This decision went pretty much unnoticed in the mainstream press; only specifically-religious sites mentioned it at all. And that’s because, despite the breathless reporting by religious sites, there’s really not much to it. So, a year or so ago, the Supreme Court made a decision, Highwood Congregation of Jehovah’s Witnesses (Judicial Committee) v. Wall, about when, how, and why the secular courts can intervene in internal squabbles—like membership issues—of religious organizations. The decision, basically, is that religious groups are private clubs, and absent formal contracts or direct substantive damages (that is, the religious group did something that directly harmed you… rather than something that had indirect harm, as with, for example, losing business contacts due to shunning), private clubs can do whatever the fuck they please. Note also that formal contracts don’t necessarily need to be signed documents: a verbal agreement can be a formal contract, as can a clearly demonstrated “understanding” shared between two parties that hasn’t been explicitly verbalized or written down. All this decision does is clarify that not every shared “understanding” is a formal contract. In particular, if a private club (or religious group) has rules and bylaws, those don’t necessarily rise to the level of formal contracts between the club and its members. The five people who were kicked out of the Church for being intractable assholes may have filled out membership forms and followed all the group bylaws… but that doesn’t mean there was a formal membership contract between them and the Church; filling out a membership form and following the rules doesn’t mean a private club owes you membership. (It would be different if there was an actual membership contract, where the Church promises you A, B, and C so long as you do X, Y, and Z.) That’s it; that’s all there was to the decision. As with most court decisions, it doesn’t really relate to religion specifically; it applies to all private clubs.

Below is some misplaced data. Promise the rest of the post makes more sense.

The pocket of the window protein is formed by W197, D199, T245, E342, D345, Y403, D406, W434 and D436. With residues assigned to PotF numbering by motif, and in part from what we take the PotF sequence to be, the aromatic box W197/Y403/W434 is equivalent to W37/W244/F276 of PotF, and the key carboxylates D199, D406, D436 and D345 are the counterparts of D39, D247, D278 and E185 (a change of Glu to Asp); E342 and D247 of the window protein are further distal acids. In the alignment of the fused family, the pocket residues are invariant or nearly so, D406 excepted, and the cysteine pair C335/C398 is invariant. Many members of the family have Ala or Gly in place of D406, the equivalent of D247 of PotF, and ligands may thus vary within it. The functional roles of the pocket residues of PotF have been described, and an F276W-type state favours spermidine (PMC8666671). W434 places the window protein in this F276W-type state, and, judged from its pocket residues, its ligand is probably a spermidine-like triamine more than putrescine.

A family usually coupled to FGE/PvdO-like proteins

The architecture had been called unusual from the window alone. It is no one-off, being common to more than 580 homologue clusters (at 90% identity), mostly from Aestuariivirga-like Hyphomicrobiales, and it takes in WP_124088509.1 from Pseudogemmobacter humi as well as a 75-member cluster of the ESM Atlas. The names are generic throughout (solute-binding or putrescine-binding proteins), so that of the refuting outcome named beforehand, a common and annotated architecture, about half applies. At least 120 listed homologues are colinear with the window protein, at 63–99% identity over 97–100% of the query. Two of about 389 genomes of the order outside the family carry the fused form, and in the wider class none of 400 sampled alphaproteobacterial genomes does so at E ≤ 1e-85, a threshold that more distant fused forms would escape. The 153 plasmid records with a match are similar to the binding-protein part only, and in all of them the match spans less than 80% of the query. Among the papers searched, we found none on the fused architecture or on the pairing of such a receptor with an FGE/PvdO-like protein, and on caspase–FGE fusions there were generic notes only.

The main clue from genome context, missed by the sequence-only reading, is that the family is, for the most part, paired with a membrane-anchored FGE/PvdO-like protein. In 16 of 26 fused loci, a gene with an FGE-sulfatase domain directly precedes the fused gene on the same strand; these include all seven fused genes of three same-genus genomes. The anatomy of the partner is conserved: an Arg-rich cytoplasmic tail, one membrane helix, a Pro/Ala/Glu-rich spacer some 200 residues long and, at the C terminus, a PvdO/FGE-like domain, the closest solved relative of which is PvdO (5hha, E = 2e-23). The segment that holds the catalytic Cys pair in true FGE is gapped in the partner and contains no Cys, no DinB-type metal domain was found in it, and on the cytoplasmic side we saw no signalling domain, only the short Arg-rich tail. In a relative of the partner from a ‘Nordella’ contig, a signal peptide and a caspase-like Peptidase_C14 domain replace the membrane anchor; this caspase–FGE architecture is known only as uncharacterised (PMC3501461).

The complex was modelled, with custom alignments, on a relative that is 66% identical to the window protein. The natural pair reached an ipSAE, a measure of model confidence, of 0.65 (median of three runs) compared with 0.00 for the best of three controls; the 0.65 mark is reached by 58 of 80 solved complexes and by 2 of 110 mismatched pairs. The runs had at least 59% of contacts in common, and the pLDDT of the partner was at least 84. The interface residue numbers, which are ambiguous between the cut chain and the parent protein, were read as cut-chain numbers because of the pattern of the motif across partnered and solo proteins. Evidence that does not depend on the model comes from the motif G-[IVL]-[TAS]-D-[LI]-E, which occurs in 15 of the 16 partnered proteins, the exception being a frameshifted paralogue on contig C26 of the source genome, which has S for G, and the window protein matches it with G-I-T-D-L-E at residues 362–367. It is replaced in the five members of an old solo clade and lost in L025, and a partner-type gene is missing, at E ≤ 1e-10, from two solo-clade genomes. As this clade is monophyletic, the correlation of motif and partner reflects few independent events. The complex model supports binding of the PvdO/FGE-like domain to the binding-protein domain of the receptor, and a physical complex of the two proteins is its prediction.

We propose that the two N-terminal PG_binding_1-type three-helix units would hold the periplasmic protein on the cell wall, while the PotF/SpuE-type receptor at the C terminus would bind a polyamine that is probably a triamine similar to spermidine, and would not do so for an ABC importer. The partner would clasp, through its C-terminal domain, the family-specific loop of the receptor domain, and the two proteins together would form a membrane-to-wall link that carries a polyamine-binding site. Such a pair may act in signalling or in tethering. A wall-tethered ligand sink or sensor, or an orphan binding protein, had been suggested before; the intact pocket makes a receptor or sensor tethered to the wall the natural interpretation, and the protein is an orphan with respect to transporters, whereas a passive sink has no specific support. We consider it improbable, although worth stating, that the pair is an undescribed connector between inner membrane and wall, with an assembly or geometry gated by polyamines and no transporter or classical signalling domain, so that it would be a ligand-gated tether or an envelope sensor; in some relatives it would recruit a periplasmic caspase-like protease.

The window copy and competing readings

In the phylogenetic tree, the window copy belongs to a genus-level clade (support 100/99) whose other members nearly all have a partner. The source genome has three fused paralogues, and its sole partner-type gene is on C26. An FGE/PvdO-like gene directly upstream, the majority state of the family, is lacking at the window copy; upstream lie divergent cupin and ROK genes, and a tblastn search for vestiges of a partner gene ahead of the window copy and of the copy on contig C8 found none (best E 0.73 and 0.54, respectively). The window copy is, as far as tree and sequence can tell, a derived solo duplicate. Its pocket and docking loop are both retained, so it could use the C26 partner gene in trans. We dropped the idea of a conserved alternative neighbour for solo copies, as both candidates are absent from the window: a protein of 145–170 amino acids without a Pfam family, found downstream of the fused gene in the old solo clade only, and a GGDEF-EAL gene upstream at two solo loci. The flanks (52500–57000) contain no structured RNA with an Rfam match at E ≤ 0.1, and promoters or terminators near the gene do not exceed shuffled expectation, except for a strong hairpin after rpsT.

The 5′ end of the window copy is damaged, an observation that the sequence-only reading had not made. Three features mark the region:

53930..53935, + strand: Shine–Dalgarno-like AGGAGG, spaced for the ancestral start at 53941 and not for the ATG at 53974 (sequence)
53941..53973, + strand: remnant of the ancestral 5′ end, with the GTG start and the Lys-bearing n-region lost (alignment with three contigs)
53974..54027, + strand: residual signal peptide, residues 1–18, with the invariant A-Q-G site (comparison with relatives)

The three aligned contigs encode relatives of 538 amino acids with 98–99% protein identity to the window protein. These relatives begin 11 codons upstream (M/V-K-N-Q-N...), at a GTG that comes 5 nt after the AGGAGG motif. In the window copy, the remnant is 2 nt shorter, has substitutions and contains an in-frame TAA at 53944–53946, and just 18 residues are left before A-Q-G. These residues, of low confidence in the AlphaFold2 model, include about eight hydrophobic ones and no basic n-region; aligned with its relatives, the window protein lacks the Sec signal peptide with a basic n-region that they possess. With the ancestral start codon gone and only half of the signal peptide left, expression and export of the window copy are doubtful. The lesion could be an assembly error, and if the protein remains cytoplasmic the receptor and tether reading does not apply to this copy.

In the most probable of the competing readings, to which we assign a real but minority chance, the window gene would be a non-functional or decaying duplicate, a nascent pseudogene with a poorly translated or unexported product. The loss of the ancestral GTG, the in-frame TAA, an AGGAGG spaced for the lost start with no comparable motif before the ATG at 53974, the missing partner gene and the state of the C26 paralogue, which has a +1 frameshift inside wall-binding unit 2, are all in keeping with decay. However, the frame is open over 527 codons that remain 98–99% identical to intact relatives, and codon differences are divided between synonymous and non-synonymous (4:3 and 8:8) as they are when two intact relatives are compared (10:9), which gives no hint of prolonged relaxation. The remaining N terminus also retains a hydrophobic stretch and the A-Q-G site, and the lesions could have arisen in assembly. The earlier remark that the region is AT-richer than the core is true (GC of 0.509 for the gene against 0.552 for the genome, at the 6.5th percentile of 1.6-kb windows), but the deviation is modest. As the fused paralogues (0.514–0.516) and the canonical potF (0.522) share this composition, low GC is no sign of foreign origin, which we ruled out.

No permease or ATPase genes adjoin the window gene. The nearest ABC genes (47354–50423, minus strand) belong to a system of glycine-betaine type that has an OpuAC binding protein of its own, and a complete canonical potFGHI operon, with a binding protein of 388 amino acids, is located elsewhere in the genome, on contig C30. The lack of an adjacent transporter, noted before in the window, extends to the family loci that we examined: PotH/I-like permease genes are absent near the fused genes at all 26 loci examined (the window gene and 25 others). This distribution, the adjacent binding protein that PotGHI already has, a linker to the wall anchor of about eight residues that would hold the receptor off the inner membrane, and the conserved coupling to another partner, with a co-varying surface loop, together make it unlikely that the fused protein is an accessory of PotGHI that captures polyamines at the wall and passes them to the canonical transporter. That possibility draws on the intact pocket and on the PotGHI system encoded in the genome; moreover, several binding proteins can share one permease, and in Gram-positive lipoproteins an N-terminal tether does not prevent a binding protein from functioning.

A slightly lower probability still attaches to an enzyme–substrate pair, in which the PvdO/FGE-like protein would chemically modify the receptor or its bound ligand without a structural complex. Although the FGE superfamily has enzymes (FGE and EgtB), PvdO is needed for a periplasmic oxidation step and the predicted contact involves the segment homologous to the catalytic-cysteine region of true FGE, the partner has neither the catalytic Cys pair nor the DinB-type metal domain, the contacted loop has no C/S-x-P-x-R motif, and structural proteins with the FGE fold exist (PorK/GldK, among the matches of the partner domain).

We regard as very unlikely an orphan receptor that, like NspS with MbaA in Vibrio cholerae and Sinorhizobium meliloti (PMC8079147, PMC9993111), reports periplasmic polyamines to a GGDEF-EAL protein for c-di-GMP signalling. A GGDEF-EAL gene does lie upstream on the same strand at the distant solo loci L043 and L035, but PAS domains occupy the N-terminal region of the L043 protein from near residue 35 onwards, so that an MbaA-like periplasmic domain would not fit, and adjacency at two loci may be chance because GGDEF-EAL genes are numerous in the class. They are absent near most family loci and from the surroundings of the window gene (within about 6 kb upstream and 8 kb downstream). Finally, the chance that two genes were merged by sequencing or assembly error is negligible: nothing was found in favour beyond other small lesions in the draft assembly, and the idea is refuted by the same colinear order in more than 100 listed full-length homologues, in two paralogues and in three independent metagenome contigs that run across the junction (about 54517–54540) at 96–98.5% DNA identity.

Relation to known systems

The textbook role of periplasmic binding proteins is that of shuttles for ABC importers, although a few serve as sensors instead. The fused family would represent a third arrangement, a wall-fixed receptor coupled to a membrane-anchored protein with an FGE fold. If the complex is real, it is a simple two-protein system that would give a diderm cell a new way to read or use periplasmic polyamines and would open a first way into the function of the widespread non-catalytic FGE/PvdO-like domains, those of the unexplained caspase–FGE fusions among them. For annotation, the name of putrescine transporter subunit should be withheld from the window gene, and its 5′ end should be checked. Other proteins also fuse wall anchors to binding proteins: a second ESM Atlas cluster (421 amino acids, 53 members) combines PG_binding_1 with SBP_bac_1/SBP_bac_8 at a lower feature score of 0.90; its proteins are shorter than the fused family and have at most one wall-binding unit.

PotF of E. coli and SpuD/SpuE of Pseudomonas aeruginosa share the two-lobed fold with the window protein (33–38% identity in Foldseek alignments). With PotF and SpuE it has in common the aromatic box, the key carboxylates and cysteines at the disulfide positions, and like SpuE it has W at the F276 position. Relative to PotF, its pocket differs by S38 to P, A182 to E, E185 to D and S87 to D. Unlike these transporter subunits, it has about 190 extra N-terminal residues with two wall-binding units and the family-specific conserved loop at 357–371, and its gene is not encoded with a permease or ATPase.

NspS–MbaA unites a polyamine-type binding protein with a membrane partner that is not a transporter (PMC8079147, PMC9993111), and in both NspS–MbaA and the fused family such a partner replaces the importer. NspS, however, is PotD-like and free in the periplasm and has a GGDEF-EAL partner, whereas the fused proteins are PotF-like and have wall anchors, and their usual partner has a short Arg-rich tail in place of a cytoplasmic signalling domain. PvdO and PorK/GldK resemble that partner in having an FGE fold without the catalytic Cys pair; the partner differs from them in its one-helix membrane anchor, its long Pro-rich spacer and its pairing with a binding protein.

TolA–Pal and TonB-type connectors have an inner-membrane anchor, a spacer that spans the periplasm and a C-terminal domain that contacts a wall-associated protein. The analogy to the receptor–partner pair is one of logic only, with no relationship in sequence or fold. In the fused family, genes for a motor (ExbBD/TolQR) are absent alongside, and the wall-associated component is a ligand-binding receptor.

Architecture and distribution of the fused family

• [] Doug Ford ally’s Canada Christian College denied university status, name change